Using Your Brain Instead of Your Pain!

We are living in unique times, and emotions are running very hot lately.  Every headline is meant to be sensational, where all ideas on a topic no matter how obscure can be found in seconds, a world where anyone’s voice can be heard equally, and a place where everyone you know has access to all of this.  This is not a bad thing!  It does, however, take more work on the receiver’s part to discern truth from falsehood, things that are useful and those that will mislead all while keeping your cool.

 

You need to train yourself not to auto-disagree, or auto-agree based upon your personal biases.  When you hear or read something that treads into water you don’t know, take the time to validate it, now this goes for things that you agree or disagree with.   If in a face to face conversation I usually just say, that is interesting, and look it up later.  If I know the person the person likes being challenged and/or is open minded, I question and might even look it up with them.

 

Just because one thing is true does not make another related thing false.  For instance: 1. IQ is not a complete measure of a person, it does not measure how successful a person will be; nor is it a one size fits all approach to intelligence.   2. IQ does have consequence and is one of the few ways we can quantitatively measure changes and differences to mental aptitude.  Both are accurate.  It is important to understand more than one side of an argument.  Instead of dismissing something, read up, ask questions, maybe you will find out something you didn’t know, or at minimum better understand where someone is coming from.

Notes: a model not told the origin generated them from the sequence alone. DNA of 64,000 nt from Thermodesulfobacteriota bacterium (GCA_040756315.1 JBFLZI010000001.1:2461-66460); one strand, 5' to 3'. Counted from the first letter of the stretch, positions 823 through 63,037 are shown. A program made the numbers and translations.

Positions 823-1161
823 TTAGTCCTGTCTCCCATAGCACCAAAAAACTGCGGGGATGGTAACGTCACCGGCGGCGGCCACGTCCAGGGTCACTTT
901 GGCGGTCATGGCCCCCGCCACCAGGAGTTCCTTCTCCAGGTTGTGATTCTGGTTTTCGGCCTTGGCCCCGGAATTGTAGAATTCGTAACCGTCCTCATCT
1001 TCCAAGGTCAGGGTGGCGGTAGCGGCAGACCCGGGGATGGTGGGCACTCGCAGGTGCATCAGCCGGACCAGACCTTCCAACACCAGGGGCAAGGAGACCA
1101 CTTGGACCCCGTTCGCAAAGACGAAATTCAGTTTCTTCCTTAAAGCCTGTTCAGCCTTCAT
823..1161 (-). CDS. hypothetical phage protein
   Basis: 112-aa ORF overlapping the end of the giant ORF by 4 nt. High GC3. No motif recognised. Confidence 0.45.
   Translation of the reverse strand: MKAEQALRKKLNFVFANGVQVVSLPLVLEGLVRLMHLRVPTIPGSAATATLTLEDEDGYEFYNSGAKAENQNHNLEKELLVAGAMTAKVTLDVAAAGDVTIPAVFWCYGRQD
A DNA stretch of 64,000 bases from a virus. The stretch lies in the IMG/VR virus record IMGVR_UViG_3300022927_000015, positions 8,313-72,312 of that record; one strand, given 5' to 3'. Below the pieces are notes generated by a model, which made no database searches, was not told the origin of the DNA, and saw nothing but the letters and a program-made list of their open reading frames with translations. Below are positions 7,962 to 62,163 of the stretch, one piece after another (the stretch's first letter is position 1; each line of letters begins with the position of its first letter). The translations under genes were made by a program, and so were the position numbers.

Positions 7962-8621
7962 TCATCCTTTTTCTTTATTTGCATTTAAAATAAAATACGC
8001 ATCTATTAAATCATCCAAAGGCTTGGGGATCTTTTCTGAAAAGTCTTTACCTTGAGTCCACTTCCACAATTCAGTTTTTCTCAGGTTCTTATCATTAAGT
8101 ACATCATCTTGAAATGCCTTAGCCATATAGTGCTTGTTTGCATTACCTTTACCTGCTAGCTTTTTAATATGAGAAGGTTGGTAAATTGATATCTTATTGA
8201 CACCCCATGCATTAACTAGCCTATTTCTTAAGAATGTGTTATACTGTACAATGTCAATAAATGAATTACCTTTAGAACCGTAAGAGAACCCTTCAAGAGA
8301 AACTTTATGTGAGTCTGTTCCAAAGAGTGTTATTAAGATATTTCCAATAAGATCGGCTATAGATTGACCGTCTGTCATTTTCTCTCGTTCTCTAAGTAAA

Even good sources get it wrong or hold a bias.  This does not mean dismiss them entirely. You should never assume any source to be 100% accurate or free of bias, to do so frankly is a bit culty.  We are human; we make mistakes, we learn, we change.  Listen to opposing views, draw your own conclusions, if it matters to you seek out all angles of the issue.

 

Do real research.  This can be hard with everything that is out there.  I try to preference .gov and .org over others.  I like to read things on PubMed.  Wikipedia can be a helpful tool to lead you to where real data might be, and a well-researched topic usually has a plentiful source list.

 

Everyone gets emotional, don’t dismiss a person’s feelings.  I am a relatively logical person when you look at the emotional-logical balance.  However, I tend to get more emotional when someone does not hear my logic or they are acting irrationally.  This can be reversed for the more emotionally inclined, they just want to be heard and want their emotions validated because they are feeling bad, they don’t want to hear facts at that moment.  If tempers flare, it is often best just to pause and come back to the conversation later after trying to understand their position.  Also see: How to Fight Like a Pro: Conflict Resolution and Forgiveness.

 

Leave a Reply